GERMANY: Frederick II of Sicily




John Gehl sends this bio of the medieval monarch Frederick II (1194-1250), known to his contemporaries as Stupor Mundi (Wonder of the World) for his breath of knowledge and brilliant mind.  Frederick was an excellent administrator and an able soldier, and his broad cultural outlook and intellectual gifts made him something of Renaissance man ahead of his time. He understood several languages and encouraged the development of poetry and sculpture. His book on falcons and relevant facts of bird life, based entirely on his own research, earned him a place in the history of science and is still considered first-rate natural history by experts.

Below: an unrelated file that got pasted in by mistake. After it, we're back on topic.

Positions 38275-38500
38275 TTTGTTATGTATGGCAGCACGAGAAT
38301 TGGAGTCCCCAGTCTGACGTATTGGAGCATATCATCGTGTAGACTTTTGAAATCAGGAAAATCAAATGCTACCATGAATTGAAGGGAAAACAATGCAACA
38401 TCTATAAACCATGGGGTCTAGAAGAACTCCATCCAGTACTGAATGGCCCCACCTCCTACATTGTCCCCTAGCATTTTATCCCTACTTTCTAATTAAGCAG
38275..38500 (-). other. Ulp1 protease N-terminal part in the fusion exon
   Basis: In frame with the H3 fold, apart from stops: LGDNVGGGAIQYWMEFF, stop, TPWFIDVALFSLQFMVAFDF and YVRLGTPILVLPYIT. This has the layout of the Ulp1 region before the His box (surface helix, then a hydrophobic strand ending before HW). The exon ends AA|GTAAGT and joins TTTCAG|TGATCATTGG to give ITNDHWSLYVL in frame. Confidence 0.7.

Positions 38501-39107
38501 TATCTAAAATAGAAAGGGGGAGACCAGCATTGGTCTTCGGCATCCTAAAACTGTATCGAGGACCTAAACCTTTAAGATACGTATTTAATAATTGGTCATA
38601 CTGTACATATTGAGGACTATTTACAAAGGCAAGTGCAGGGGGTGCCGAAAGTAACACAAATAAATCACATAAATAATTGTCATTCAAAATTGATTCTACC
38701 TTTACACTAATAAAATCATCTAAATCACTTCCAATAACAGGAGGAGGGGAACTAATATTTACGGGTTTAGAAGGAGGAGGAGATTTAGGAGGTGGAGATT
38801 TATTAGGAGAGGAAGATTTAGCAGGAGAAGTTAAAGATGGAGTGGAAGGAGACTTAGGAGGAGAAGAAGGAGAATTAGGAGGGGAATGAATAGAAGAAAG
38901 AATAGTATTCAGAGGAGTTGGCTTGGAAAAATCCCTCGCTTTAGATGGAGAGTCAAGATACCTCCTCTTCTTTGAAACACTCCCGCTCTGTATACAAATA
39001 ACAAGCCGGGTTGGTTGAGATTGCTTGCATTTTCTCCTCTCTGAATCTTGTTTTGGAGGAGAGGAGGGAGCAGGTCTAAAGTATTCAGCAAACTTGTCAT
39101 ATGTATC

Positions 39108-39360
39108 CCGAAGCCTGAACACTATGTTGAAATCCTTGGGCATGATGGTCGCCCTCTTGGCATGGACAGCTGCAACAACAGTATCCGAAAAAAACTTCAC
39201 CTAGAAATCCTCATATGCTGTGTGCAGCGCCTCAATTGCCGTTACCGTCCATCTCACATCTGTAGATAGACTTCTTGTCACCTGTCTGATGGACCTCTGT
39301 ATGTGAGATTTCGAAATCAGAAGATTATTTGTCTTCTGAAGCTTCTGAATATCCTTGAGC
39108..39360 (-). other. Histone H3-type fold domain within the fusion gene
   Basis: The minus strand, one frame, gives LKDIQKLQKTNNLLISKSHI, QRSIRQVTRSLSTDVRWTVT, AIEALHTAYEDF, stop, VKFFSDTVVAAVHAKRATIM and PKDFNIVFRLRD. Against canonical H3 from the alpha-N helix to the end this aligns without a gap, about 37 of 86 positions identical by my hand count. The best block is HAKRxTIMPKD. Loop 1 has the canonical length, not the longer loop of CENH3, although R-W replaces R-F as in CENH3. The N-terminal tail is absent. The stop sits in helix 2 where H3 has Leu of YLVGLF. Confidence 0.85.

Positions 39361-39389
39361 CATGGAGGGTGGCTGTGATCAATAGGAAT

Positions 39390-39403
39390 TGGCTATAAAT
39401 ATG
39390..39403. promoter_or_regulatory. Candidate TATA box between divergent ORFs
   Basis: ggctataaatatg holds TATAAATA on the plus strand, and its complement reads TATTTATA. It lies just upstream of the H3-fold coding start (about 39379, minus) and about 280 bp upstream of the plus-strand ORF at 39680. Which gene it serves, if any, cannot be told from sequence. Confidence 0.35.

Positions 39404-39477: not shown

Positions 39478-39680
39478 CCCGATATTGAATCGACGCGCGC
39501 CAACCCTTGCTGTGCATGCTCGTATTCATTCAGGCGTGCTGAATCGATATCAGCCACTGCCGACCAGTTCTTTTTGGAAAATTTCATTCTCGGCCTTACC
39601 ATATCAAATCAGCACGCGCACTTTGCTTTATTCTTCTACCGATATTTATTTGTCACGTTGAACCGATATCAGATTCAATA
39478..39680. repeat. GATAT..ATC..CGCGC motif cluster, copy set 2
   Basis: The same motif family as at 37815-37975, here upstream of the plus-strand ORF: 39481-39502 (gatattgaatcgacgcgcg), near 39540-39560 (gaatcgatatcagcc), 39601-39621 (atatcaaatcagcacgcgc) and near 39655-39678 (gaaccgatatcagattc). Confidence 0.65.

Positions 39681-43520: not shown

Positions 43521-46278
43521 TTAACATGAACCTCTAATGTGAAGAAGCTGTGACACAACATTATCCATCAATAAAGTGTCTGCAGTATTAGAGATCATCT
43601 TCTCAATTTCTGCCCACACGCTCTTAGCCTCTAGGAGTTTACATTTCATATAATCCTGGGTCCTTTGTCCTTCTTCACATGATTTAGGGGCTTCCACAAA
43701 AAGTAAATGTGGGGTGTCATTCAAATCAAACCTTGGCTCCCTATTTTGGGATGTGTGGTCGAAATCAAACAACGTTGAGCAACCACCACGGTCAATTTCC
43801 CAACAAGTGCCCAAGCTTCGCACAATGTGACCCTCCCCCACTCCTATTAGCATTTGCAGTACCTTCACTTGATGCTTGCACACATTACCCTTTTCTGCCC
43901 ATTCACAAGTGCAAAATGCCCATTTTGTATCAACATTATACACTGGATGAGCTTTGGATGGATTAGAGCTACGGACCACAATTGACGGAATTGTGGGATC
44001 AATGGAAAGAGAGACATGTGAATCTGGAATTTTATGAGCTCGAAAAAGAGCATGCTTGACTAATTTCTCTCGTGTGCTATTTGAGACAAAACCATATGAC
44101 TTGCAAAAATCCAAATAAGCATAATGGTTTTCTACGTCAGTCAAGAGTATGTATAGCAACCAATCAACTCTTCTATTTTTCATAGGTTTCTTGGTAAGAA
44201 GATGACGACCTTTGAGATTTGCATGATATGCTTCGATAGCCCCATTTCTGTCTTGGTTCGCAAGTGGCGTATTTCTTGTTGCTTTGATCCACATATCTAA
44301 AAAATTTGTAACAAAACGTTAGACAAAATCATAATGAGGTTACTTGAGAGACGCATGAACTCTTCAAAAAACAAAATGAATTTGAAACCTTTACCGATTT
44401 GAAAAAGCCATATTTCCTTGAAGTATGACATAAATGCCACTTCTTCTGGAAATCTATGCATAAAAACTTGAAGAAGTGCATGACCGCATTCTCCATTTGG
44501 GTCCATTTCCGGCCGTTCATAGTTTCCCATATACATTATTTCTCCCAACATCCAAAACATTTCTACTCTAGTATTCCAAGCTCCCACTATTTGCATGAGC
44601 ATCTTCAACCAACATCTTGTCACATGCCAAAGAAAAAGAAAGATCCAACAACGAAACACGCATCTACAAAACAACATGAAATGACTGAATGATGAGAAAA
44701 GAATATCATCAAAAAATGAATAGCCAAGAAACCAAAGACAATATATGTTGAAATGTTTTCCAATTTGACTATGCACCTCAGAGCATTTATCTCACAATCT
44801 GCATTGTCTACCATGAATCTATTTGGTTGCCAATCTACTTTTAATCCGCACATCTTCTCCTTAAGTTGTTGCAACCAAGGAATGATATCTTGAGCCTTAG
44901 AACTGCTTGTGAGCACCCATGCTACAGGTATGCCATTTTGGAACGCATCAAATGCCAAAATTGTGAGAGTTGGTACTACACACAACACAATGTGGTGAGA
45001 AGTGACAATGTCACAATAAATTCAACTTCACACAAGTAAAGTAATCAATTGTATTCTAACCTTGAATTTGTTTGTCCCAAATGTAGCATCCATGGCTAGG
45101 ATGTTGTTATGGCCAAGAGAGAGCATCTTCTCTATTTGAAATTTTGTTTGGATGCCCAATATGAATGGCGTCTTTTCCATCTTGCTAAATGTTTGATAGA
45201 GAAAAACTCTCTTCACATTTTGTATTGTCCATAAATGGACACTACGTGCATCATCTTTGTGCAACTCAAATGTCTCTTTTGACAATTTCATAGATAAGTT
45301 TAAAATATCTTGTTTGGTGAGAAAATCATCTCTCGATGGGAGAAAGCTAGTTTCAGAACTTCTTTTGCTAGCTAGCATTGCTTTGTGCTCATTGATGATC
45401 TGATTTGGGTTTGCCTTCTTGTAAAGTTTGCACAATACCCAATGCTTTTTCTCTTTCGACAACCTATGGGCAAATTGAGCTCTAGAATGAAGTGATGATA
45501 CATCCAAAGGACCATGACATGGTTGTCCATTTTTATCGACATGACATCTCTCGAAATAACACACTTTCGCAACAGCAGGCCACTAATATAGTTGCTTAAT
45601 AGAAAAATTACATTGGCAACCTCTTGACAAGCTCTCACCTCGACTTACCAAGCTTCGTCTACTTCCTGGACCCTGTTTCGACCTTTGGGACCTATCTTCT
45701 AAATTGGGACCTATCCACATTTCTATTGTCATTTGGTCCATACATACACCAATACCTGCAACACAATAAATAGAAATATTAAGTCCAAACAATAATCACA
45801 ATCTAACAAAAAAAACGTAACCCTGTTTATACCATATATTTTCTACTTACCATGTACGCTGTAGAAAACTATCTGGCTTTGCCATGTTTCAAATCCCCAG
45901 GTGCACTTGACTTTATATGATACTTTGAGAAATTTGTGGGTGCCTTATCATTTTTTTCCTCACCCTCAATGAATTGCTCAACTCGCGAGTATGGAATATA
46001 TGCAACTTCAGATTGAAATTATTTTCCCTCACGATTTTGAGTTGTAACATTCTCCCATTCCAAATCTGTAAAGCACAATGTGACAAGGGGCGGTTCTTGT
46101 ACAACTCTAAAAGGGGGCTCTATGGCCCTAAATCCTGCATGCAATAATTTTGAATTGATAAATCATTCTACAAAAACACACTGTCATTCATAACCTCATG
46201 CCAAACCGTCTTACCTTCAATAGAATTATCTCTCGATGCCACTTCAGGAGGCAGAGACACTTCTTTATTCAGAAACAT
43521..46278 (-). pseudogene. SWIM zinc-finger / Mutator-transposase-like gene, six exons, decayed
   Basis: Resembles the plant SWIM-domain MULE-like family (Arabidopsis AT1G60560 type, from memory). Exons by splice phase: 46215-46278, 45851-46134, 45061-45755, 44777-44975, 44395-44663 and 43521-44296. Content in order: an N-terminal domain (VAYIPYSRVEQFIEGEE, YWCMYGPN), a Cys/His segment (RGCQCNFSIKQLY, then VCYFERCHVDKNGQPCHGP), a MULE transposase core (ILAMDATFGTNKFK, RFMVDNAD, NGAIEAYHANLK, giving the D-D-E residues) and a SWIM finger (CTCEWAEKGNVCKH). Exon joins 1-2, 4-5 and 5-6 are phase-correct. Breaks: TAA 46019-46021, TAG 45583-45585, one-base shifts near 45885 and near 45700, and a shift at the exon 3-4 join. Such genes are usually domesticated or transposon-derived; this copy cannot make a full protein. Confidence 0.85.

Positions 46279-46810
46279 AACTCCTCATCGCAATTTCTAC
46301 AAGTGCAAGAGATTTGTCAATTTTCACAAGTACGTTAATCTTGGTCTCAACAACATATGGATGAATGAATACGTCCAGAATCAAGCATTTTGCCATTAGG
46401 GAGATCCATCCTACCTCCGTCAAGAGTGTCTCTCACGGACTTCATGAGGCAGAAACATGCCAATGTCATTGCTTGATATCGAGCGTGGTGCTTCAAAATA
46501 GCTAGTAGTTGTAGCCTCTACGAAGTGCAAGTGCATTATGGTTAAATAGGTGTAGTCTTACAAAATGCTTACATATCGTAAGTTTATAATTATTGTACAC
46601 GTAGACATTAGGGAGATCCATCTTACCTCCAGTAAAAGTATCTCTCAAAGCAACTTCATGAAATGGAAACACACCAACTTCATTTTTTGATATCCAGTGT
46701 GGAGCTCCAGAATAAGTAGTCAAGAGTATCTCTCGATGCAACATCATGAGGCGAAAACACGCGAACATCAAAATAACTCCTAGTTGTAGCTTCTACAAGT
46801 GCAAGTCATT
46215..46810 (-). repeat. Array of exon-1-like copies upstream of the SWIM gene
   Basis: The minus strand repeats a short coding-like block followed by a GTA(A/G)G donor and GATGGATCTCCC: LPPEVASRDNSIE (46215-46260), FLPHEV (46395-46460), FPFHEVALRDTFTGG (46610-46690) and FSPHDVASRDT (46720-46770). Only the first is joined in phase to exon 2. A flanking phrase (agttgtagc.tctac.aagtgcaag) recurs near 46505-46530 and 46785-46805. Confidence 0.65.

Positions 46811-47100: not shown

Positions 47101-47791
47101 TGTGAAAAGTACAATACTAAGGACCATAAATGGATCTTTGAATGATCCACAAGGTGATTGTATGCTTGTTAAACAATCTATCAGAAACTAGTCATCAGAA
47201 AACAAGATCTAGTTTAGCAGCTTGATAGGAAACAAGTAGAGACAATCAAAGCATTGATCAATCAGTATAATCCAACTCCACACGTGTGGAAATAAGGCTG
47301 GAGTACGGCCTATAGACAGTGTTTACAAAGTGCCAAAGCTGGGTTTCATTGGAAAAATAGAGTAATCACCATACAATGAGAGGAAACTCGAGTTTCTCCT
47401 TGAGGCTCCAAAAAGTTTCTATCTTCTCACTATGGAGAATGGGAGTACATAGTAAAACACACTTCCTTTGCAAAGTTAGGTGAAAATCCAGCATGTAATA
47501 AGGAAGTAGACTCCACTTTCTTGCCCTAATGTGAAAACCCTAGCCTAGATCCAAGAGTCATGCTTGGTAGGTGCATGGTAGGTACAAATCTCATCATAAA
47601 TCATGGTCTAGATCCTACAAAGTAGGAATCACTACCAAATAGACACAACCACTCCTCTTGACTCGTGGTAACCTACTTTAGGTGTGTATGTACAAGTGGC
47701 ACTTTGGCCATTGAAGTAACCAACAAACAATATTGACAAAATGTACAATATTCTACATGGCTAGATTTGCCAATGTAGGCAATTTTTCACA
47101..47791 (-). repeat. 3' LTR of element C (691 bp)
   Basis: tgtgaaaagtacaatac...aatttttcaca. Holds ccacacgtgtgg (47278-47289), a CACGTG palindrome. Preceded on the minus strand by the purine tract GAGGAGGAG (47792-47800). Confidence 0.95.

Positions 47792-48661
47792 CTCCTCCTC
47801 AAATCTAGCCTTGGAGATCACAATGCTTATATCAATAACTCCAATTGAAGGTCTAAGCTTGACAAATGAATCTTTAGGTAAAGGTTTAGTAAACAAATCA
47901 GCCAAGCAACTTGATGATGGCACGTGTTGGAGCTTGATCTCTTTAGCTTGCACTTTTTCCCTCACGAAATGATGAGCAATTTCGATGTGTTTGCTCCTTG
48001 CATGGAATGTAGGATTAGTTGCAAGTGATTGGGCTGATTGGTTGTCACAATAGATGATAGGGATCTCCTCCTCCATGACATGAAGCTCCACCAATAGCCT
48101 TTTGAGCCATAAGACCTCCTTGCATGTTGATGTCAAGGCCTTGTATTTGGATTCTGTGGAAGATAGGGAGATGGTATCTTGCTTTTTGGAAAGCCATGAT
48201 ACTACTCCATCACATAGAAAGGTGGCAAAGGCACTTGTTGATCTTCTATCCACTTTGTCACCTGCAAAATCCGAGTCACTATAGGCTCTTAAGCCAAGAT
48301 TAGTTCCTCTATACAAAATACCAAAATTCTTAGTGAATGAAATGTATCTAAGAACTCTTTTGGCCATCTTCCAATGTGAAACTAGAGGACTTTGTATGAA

Frederick belonged to the royal Hohenstaufen family. He was the son of the Holy Roman Emperor Henry VI and Constance of Sicily. Because of circumstances created by his father's premature death at age 32, Frederick was reared by his mother in her native Sicily. When he came of age, Frederick inherited the crowns of both Germany and Italy, but he preferred to live in Sicily, where he remained even after he was named Holy Roman Emperor in 1220. Frederick governed his Sicilian kingdom well. He established the University of Naples in 1224 and made the University of Salerno the best school of medicine in Europe.  His decision to rule from Sicily, however, gave him constant problems with both the German princes and the Northern Italian provincial rulers, who sought greater independence from Imperial control. Frederick also had conflicts with the popes, who saw the Emperor as a rival power. In 1227 Pope Honorius III excommunicated Frederick for violating his vow to go on crusade. This motivated Frederick to set out for Jerusalem the next year. Using diplomacy and not arms, Frederick succeeded in recovering Jerusalem from the Muslims who had conquered it. He then crowned himself king of Jerusalem in 1229.